3.2. Liquid chromatography

Using IC, the analysis of uncontaminated extracts (from clean and natural-contaminated latent handprints) revealed low m g/mL concentrations of lactate, acetate, formate, chloride nitrite, nitrate and sulphate in agreement with previous work [18] . Oxalate (for n ¼ 2 donors) and thiocyanate ( n ¼ 1 donor) were found at low m g/mL quantities, below the limit of quantitation (LOQ) [19] . The extracts obtained from the latent handprints deposited after handling single- and double-base smokeless gunpowders contained no characteristic anions. There was also no noticeable change in the concentrations of anions present in the control


F. Zapata et al. / Talanta 161 (2016) 219 227

224 F. Zapata et al. / Talanta 161 (2016) 219 – 227 Fig. 4. Dynamite and

Fig. 4. Dynamite and ammonium nitrate identi cation in handprints. Spectral comparison of (a) standard dynamite, three different handprints from donors after handling dynamite and the substrate and (b) standard ammonium nitrate, handprints from three donors after handling ammonium nitrate and the substrate. Raman conditions as in Fig. 2 .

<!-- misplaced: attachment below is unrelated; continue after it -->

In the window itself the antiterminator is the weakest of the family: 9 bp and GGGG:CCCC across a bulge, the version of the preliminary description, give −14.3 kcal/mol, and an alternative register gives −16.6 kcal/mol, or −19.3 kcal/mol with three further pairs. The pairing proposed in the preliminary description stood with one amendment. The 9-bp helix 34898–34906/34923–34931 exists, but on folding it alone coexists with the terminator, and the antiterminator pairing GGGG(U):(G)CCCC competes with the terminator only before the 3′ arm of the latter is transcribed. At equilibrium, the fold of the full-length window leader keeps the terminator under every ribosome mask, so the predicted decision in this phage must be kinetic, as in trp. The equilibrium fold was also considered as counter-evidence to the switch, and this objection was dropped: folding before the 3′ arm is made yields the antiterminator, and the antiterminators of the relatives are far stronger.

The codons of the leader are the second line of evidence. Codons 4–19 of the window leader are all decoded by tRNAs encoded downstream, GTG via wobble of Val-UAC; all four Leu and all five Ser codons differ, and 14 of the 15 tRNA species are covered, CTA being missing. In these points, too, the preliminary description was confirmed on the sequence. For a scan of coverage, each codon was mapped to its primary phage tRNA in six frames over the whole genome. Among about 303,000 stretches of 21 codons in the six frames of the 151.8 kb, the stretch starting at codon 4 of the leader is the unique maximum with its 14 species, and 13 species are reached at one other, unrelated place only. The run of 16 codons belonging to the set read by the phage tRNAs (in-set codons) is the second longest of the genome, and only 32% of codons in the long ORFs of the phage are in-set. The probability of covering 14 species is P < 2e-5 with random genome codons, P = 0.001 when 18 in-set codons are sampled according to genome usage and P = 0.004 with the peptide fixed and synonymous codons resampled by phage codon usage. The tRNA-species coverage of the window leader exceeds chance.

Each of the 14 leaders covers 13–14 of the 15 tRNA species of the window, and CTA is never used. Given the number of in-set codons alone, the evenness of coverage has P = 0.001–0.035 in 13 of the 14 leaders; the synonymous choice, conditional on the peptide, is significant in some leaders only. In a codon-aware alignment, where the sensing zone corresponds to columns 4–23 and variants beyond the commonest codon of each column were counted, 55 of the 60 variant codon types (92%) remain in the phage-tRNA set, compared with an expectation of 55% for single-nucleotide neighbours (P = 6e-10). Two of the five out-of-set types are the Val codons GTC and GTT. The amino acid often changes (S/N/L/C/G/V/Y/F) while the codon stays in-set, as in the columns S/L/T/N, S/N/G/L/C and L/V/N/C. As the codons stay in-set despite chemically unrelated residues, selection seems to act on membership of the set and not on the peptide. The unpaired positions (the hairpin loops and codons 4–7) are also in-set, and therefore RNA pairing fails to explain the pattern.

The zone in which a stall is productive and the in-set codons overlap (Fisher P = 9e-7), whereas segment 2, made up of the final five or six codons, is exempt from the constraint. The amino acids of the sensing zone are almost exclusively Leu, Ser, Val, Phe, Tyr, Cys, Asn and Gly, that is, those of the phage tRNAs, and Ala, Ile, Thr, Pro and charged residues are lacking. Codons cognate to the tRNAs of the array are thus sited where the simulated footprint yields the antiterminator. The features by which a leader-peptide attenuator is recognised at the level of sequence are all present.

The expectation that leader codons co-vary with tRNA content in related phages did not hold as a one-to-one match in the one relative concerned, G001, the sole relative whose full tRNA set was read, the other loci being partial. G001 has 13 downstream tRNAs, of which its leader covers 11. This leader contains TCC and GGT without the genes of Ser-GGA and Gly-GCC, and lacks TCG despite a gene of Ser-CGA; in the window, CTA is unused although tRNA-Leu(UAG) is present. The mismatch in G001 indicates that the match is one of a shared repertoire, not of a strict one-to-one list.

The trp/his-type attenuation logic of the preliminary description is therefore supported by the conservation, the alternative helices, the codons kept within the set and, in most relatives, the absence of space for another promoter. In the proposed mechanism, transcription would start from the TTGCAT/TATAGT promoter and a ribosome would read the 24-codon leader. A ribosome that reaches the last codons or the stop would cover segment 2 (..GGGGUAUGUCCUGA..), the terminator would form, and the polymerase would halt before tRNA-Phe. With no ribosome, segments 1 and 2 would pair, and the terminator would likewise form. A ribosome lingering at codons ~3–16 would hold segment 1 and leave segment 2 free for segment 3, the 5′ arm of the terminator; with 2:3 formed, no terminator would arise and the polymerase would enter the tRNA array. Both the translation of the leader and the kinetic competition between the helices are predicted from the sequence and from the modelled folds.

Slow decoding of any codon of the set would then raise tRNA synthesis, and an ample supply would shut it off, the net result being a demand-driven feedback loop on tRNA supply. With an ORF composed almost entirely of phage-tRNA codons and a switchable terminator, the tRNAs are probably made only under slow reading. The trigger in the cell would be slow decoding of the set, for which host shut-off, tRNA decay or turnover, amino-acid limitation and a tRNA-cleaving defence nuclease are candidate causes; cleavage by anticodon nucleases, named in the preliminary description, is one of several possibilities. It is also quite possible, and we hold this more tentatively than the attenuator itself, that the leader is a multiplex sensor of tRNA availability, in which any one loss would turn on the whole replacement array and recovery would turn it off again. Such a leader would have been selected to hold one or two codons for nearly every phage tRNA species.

handprints, including nitrite and nitrate. Using RP-HPLC, the analysis of these extracts showed no traces of nitrocellulose in any of the samples ( n ¼ 5). This is not wholly surprising as nitrocellulose, which is the main component in both smokeless gunpowders, is not soluble in water and is therefore itself unlikely to have extracted into solution. DNT, which was supposedly present in the double-base gunpowder, was also not detected. This is likely due to water being an unsuitable extraction solvent for these particular analytes, or perhaps a more sensitive method utilizing mass spectrometry as the detection mode is required. Regarding the black powder contaminated handprints, the ex- tracts were only analysed by IC due to the inorganic composition of black powder. The extracts yielded m g/mL concentrations (0 11 m g/mL) of benzoate as well as perchlorate (1 172 m g/mL) as shown in Fig. 5 . These analytes have previously been detected in other black powder substitutes, although nitrate concentrations were not found to similarly increase [18] . As this particular IC method was only applied to determine the anionic components of